Readers of The Imaginative Conservative might be interested in a lecture CSPAN has been airing on CSPAN3 regarding the Old Republicans, a groups of 19th-century American statesmen and men of letters who believed Jefferson and Madison had (almost) destroyed the republic during their respective presidencies.
Taken as a whole, Russell Kirk argued in his first book, John Randolph of Roanoke, the Old Republicans believed in several principles, including: 1) natural law and the inability of a legislature to accomplish anything meaningful beyond ratifying what is discovered in nature/creation; 2) a profound agrarianism and fear of cities and industry; 3) true individualism of the human person (promoting a true diversity of talents); and 4) a strict construction of the U.S. Constitution.
The so-called Jacksonian time period (1807-1848) is filled with bizarre and interesting persons, but none more so than those who made up the Old Republicans. As an exchange with Adam Smith expert, Jim Otteson, recently made me aware, the Old Republicans are the American equivalent of the Old British Whigs. I have had similar conversation with the leader of this fearless website, Winston Elliott. Indeed, Winston credits Kirk’s biography of Randolph as a central piece of literature in and to his own intellectual makeup.
It would be difficult for any reader of the The Imaginative Conservative not to recognize in these eccentric early-19th century figures, vital ancestors of today’s Conservatives and Libertarians.
After the producer, Luke Nichter (a great Nixon scholar and historian at UTexas), contacted me in August, a film company arrived on campus on September 15 and taped the lecture in Kendall Hall.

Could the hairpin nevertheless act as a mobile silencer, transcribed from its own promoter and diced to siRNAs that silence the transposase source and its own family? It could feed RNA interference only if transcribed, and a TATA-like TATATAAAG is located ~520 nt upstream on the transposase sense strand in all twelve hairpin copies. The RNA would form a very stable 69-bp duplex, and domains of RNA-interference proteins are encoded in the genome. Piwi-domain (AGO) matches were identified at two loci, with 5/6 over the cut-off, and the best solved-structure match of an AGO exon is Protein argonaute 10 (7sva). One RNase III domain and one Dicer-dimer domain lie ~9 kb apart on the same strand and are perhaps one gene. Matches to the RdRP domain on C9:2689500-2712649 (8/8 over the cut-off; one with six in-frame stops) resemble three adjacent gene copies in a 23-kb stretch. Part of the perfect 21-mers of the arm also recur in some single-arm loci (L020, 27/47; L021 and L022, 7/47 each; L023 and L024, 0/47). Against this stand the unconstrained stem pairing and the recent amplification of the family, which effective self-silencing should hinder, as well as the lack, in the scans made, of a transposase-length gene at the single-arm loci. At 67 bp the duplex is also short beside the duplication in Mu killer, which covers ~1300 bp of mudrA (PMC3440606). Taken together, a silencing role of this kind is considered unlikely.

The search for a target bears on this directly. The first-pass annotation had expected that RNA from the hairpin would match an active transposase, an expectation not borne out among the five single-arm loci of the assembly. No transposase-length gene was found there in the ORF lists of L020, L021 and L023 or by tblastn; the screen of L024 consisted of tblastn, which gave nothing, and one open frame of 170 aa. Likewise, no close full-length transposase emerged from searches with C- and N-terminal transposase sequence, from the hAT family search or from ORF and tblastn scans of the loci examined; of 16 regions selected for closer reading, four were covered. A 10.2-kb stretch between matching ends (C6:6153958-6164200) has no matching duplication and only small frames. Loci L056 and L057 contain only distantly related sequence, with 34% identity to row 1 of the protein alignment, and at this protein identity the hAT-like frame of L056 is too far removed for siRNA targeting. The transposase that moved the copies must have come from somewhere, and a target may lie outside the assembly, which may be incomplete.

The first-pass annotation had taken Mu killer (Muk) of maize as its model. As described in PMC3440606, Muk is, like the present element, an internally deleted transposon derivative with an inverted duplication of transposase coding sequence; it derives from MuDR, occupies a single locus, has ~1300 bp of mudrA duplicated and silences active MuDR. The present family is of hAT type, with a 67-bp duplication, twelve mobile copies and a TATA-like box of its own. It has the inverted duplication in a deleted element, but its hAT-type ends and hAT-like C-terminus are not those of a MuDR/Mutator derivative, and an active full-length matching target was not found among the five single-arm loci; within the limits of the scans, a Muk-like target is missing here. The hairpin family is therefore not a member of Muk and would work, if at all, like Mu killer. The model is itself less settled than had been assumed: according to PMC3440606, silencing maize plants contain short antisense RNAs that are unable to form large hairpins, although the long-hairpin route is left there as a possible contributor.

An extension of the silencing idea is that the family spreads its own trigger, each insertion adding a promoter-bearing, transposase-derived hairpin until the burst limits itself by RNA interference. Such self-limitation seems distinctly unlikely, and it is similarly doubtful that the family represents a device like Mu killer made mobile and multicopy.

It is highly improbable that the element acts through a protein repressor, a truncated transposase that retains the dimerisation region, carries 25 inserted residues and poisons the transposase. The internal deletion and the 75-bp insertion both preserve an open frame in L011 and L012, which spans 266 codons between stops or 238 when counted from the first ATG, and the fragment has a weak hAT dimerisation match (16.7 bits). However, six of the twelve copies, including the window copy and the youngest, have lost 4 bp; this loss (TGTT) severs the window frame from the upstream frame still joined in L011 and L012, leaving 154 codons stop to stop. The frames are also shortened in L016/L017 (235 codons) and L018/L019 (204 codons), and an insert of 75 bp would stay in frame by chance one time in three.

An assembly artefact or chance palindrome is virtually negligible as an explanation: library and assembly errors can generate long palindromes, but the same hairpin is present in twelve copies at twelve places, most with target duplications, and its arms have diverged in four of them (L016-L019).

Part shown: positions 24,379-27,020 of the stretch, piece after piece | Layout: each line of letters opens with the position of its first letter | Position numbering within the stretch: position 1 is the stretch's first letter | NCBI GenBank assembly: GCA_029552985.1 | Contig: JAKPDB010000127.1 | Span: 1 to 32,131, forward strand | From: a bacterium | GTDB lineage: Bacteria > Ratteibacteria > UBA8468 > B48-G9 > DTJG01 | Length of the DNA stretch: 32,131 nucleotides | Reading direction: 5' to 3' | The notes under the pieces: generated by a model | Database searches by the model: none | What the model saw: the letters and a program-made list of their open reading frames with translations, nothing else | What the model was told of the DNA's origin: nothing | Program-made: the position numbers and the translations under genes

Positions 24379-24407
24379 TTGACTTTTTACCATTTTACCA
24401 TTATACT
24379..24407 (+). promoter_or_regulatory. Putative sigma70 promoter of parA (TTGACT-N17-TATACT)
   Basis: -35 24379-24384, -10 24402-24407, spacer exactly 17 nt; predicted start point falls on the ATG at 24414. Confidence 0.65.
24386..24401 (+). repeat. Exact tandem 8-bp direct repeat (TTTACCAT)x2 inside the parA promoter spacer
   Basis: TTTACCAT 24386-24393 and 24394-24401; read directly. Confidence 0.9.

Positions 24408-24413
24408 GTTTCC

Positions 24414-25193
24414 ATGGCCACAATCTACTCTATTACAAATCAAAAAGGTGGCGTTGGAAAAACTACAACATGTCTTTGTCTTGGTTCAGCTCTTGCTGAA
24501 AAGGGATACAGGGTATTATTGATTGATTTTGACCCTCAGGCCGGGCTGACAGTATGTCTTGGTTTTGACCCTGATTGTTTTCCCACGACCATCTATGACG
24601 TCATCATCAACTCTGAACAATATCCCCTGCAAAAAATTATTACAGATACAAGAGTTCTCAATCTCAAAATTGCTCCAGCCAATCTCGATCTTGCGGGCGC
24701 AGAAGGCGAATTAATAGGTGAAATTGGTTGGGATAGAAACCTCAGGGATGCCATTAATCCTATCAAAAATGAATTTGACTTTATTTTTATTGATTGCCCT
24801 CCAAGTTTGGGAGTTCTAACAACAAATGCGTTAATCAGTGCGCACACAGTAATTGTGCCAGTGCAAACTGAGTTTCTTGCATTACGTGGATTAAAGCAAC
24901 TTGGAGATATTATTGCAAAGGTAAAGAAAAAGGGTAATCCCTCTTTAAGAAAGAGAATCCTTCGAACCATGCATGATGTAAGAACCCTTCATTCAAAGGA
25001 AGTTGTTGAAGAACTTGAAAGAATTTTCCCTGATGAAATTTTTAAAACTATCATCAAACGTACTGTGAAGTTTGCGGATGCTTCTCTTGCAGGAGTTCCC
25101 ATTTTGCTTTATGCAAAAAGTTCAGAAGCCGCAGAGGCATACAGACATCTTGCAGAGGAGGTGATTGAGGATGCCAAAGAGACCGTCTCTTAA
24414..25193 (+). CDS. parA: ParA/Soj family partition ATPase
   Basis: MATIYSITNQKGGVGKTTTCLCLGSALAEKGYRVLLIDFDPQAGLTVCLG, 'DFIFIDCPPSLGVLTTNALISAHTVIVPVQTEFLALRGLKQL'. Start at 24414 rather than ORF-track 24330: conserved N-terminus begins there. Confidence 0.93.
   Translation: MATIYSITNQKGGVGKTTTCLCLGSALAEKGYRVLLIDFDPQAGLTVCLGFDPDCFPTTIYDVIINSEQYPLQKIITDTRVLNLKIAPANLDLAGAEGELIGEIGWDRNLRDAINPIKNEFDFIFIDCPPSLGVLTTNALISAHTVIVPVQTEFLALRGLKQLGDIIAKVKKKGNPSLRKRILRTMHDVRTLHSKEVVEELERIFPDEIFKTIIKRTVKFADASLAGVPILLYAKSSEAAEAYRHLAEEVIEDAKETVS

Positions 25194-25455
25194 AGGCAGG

Though I think I have a face made for radio, I had an absolute blast recording this. The film crew was great, as were my brilliant students. I owe them all—Luke, the camera crew, and my students—an immense thanks.
And, I found out, probably not too surprisingly, that I’m a bit of a ham in front of a camera.
My lecture material came from original sources and memoirs, Russell Kirk’s stunning first book, Randolph of Roanoke (University of Chicago, 1951), and the work of several recent scholars including John F. Devanny, Jr., and Adam L. Tate. Google books and LibertyFund books, reprinting the various works of John Taylor of Caroline, helped immensely, as did my friend and Old Republican scholar, Carey Roberts.
A few favorite quotes from Kirk’s work:
“I would not live under King Numbers. I would not be his steward, nor make him my taskmaster. I would obey the principle of self-preservation, a principle we find even in the brute creation, in flying from this mischief.” [quoted in Kirk, Randolph of Roanoke, 14]
“The lust for innovation–for it is a lust–that is the proper term for an unlawful desire–this lust for innovation. . . has been the death of all Republics” [quoted in Kirk, The Conservative Mind, 166].
To these things, I can only write “Amen.”
Books mentioned in this essay may be found in The Imaginative Conservative Bookstore.